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Information Security Checklists

The security checklists (also known as security checklist or security control list) contained within this site are based on the best practices advocated by international standards organisations and the things that we have found useful as we have carried out system and process reviews.

The scope of our checklists are based on control areas listed below.

  • Policy Control - this is essentially a series of controls that makes sure policies are in place to ensure all parties understand an organisations security requirements, and that they are subject to the governance and penalties outlined in the policies.
  • Security Organisation - these controls are in place to make sure that there is actually someone or something within an organisation to make sure that there is a set of security practices in place, and that they are effective and fit for purpose.
  • Asset Management - this is a set of controls to make sure that assets such as information, software and hardware are catalogued and the effect of their compromise understood.
  • Staff Security - the main focus here is the set of policies and procedures that are given to staff as part of recruitment and induction, carried over to their daily responsibilities and reiterated on departure from a company or organisation.
  • Physical Security - relevant controls here are related to the physical aspects of security that should be applied to provide different depths of security to physically protect assets of different value.
  • Operational Security - controls to be considered here cover a variety of technical and non technical areas that we expose to staff and suppliers who have an operational need to handle company assets with different levels of security asset value.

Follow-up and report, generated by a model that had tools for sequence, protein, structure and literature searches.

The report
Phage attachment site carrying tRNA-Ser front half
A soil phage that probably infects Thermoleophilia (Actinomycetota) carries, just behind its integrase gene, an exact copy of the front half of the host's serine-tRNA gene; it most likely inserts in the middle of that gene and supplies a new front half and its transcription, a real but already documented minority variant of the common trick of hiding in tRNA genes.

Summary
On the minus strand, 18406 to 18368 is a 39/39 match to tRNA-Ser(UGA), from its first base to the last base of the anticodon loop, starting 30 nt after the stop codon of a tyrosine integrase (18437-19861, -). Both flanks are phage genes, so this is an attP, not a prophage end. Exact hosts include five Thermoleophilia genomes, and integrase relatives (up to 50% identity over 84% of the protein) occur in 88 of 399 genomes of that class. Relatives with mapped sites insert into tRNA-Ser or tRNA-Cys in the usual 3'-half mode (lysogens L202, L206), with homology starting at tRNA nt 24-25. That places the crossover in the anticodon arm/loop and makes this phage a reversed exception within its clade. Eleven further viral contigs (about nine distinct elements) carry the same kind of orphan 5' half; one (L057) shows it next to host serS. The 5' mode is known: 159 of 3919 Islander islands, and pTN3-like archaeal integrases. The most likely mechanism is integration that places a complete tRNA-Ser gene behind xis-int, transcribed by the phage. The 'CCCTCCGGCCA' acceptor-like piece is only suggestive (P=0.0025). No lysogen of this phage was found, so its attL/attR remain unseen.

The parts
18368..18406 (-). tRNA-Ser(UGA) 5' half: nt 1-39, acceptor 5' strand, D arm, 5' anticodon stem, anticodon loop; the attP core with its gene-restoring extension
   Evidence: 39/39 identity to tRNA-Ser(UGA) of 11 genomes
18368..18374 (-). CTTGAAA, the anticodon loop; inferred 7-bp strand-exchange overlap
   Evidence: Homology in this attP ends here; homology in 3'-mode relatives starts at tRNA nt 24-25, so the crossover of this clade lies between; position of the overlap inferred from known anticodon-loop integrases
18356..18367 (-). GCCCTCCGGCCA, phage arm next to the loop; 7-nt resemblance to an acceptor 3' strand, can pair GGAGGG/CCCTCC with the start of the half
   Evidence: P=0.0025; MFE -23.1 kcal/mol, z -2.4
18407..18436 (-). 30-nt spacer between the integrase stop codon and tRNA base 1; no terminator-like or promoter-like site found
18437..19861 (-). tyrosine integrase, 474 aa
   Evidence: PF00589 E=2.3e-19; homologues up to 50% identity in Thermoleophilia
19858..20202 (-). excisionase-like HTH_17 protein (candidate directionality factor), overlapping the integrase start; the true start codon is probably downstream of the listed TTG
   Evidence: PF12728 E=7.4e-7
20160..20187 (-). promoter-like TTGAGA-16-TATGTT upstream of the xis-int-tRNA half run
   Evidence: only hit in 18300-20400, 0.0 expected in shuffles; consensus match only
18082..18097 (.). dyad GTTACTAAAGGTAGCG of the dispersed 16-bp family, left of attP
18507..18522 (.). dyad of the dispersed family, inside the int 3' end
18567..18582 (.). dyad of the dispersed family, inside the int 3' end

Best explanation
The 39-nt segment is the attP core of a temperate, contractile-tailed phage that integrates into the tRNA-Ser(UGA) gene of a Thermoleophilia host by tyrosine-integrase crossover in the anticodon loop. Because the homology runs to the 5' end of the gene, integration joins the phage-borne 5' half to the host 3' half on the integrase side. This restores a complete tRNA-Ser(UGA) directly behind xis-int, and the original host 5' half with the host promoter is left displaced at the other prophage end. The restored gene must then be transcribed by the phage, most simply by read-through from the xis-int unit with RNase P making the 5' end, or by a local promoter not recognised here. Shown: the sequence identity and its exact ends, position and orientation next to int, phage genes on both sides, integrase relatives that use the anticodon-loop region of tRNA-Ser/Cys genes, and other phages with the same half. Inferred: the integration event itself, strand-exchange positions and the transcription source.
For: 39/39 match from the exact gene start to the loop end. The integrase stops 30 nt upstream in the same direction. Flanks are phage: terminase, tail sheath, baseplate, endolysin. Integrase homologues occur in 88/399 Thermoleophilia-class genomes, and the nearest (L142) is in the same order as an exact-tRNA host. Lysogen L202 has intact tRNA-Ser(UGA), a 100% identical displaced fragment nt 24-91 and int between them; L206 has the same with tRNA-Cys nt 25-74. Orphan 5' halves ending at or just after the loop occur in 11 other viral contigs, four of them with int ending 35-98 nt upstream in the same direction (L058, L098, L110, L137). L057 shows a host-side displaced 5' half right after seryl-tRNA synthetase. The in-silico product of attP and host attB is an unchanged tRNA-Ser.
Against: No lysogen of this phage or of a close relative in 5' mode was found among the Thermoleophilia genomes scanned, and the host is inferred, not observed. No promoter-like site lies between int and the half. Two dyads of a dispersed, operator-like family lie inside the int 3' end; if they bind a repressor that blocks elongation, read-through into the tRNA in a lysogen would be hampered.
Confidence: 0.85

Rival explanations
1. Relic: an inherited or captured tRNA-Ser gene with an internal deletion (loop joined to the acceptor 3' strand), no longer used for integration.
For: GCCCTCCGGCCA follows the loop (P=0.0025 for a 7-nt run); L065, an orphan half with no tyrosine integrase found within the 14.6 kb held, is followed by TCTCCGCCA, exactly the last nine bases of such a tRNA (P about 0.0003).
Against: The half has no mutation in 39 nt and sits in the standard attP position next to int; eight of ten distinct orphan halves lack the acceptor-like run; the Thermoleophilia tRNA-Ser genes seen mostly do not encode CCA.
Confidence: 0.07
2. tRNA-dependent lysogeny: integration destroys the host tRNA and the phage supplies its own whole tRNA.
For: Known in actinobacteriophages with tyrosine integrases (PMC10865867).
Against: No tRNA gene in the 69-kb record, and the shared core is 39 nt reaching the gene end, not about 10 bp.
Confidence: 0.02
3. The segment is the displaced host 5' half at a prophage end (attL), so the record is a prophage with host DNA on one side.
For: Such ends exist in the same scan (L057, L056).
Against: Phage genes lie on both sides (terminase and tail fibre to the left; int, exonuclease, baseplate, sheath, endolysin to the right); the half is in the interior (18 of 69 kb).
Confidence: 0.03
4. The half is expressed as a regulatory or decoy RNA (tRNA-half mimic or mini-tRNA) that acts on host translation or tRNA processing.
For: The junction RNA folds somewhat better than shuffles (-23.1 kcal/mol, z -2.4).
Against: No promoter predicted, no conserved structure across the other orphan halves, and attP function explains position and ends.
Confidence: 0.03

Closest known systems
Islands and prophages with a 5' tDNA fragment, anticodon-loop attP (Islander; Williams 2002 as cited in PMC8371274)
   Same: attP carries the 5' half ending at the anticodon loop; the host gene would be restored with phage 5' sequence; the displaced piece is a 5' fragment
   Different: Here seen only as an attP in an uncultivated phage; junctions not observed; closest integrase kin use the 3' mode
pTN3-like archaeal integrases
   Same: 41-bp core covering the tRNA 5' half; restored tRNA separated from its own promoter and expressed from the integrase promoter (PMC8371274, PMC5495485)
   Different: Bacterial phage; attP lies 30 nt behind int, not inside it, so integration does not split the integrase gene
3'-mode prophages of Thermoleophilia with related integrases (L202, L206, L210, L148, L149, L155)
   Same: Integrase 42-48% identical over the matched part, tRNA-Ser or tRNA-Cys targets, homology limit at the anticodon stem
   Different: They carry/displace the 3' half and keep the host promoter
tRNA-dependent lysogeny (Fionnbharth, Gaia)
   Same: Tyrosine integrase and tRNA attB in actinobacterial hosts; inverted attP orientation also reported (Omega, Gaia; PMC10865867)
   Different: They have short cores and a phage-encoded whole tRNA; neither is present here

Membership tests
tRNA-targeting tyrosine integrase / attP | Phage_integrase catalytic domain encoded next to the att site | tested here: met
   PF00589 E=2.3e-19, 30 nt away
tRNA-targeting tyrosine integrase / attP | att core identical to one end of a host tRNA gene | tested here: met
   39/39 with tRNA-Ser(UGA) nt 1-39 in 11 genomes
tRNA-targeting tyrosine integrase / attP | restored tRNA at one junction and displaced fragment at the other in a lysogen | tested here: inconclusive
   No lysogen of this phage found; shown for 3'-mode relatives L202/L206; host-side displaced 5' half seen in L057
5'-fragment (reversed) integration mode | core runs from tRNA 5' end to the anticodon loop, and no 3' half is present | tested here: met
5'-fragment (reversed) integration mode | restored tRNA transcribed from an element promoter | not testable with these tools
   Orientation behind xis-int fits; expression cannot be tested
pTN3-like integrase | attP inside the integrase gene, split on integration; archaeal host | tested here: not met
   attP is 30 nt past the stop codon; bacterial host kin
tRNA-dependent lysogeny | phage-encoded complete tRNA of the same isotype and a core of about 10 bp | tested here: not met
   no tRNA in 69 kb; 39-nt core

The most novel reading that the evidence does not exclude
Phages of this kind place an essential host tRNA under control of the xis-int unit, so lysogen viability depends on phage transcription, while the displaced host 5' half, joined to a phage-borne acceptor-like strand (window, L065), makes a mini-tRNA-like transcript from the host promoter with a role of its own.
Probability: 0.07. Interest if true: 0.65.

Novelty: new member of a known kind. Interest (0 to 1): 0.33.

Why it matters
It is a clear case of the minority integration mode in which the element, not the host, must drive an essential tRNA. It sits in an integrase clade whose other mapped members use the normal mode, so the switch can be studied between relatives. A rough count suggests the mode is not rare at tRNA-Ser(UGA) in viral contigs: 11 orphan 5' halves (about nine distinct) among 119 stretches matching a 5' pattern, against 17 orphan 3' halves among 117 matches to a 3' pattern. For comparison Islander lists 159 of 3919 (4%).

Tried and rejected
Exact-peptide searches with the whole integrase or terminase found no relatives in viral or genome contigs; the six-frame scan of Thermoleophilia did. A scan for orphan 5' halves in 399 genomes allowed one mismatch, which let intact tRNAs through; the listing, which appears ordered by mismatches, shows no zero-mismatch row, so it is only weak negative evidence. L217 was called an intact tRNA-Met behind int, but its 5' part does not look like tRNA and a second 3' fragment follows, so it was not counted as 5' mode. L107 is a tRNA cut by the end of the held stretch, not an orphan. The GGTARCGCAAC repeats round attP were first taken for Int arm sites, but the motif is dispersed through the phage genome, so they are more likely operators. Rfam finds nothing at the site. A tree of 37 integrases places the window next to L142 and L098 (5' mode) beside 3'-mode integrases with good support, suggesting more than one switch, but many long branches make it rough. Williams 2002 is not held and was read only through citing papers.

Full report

• Access Control - this covers physical access control and logical access control offered by technical process such as system login id's, network barriers such as firewalls and more obvious controls offered by things such as locks and doors.
  • Systems Acquisition and Deployment - controls governing how systems are purchased form reliable sources, licensed correctly and change controlled to prevent security breaches.
  • Incident Management - the focus of controls are based upon all parties understanding if an incident has occurred, how to calculate severity and put the correct processes in place to recover from incidents such as hacking, data leaks and virus outbreaks.
  • Business Continuity Management - checks are carried out to make sure that the security of systems is not compromised in the event of business continuity being invoked, and that sensible and effective plans are put in place to make sure that scenarios are tested on a regular basis.
  • Legal Compliance - Legislation such as the Data Protection Act are covered by these checks as well as the audit process that enable security controls to be measured to determine their effectiveness.

After a review of the controls you may come to the conclusion that most are based on a degree of common sense, it's a plain fact that good IT and security practices are based on an 80:20 rule.

Work to 80 percent and you wont go far wrong. If you have a system or service that needs 100 percent compliance, then maybe you shouldnt be holding the data unless you are either a government organisation or a national infrastructure or service provider for things like water and power.

It is also a fact that this set of controls will grow / shrink / change over time. Security evolves with the world we live in. This list may seem overkill in some areas and sparse in others. If you have a need for bespoke advice, then contact us and ask about consultancy or a pointer to other information resources on the matter.

Feel free to make comments (or requests for other checklists to be included) on our checklists via the Contact Form on this website.